But, there are always some things you can do so we got our best recruiters to tell us their secrets and how they handle counter offers from their candidates.


Often too many recruiters believe every single word the candidate has told them and don’t even entertain the possibility that they would accept a counter offer. Remember, you’re working in an industry where literally anything can happen, so introduce the ideas of counter offers early on in the process so you know where your candidate stands. Plus, these aren’t the type of conversations you want to be having under pressure as it can lead people to do reactive (and sometimes stupid) things.


And by this, we mean know your candidate and understand them as a person. That includes everything about them, the things they love and hate.. you have to know every aspect of their professional, financial and personal motivators. Not the fluffy answers everyone gives about ‘career progression’ and ‘time for a change’, but the real nitty gritty facts as to why they would be willing to make a move and what drives them. Once you understand this, you’ll know how susceptible they are to accepting counter offers.


Not in a weird, creepy way, but in a professional and friendly type of way. There’s no point in getting a job offer from a client and then leaving your candidate unattended because you think it’s a done deal. Walk them through every step of the way. Help them with their resignation process, even if that involves drafting their emails for them. Help them with the transitioning of roles and let them know that you’re with them in this, every step of the way. There’s nothing worse than a recruiter blowing up your phone who starts ghosting you the minute an offer is on the table. Don’t be that person.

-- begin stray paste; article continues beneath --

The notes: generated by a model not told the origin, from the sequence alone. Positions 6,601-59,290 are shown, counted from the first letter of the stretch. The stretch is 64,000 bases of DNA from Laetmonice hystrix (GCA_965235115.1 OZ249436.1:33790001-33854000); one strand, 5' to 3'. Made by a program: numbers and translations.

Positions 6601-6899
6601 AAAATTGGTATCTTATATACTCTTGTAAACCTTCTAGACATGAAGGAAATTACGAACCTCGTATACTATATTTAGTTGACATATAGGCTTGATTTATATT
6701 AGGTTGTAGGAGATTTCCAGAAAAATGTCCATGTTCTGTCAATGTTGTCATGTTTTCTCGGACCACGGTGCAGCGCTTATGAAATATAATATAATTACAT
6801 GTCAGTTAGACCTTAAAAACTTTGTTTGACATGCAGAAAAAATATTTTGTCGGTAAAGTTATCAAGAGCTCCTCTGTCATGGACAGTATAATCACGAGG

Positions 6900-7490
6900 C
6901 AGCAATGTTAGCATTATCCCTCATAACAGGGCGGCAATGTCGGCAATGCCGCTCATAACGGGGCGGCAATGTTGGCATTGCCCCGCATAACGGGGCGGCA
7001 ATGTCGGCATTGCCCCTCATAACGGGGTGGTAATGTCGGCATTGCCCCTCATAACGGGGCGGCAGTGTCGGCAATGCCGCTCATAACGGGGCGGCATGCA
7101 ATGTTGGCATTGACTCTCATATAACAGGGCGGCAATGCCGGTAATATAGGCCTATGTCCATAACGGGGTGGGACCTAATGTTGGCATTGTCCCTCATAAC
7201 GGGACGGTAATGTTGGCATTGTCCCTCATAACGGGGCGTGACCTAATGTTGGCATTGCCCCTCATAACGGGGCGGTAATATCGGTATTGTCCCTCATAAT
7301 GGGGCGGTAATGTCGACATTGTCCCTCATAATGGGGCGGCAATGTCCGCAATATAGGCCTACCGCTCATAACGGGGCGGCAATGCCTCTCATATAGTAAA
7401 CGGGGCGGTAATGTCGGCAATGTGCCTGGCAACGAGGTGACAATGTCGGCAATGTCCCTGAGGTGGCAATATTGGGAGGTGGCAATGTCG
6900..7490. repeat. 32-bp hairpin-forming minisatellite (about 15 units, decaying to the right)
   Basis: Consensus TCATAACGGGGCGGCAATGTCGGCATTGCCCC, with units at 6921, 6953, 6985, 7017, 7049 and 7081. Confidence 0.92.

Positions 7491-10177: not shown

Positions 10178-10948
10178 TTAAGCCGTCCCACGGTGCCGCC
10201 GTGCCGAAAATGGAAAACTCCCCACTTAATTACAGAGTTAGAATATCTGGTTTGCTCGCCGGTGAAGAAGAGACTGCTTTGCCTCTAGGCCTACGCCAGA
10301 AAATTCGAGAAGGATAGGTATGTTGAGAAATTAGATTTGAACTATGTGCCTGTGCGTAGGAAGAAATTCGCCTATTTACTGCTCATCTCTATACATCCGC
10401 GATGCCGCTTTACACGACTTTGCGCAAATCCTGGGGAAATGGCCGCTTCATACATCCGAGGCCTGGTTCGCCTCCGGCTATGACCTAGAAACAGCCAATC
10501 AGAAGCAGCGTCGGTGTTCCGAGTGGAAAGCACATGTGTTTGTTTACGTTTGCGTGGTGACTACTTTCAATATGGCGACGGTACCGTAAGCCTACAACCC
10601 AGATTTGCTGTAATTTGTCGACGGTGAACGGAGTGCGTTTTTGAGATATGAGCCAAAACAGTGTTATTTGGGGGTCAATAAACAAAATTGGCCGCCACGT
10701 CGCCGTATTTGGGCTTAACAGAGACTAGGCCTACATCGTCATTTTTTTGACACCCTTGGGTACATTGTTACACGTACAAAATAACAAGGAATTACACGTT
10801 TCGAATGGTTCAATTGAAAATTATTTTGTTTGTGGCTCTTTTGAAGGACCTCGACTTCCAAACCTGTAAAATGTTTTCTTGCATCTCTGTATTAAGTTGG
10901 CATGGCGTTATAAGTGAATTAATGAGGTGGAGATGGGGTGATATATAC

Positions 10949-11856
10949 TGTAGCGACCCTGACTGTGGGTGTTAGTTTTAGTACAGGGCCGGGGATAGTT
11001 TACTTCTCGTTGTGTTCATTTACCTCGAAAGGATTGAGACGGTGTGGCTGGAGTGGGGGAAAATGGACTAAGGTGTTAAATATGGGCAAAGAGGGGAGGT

Like we said, anything can happen and assumptions make everyone look bad, but mainly you. Your candidate might take a counter offer, your candidate might be sitting on information they haven’t told you or your candidate might be influenced by families. There are hundreds of factors coming into play the minute they accept a new job and tell their boss they’re leaving. It sets off a chain of events you won’t always have control over, so never make any assumptions, and constantly communicate. It’s imperative in doing your due diligence


If your candidate is weighing up their options and considering taking a counteroffer, don’t be a jerk about it. It’s easy to feel hurt and rejected after all the work you’ve done with that person, but this is a really critical stage for you. Be an asset to them and partner with them the same way you have through the whole recruitment process. Invite them in to have more meetings with stakeholders in the new company. Talk through their options with them. Weigh up the pros and cons. There’s more you can do if you’re working through the issues with them, than if you’re sulking down the end of a phone line.  

Counteroffers are the worst, we get it, but remember that the objective is to walk candidates through the mind field. Be calm, cool and collected — you have to consult them through the process. Remember, you’re the expert here. Get to work!]]>

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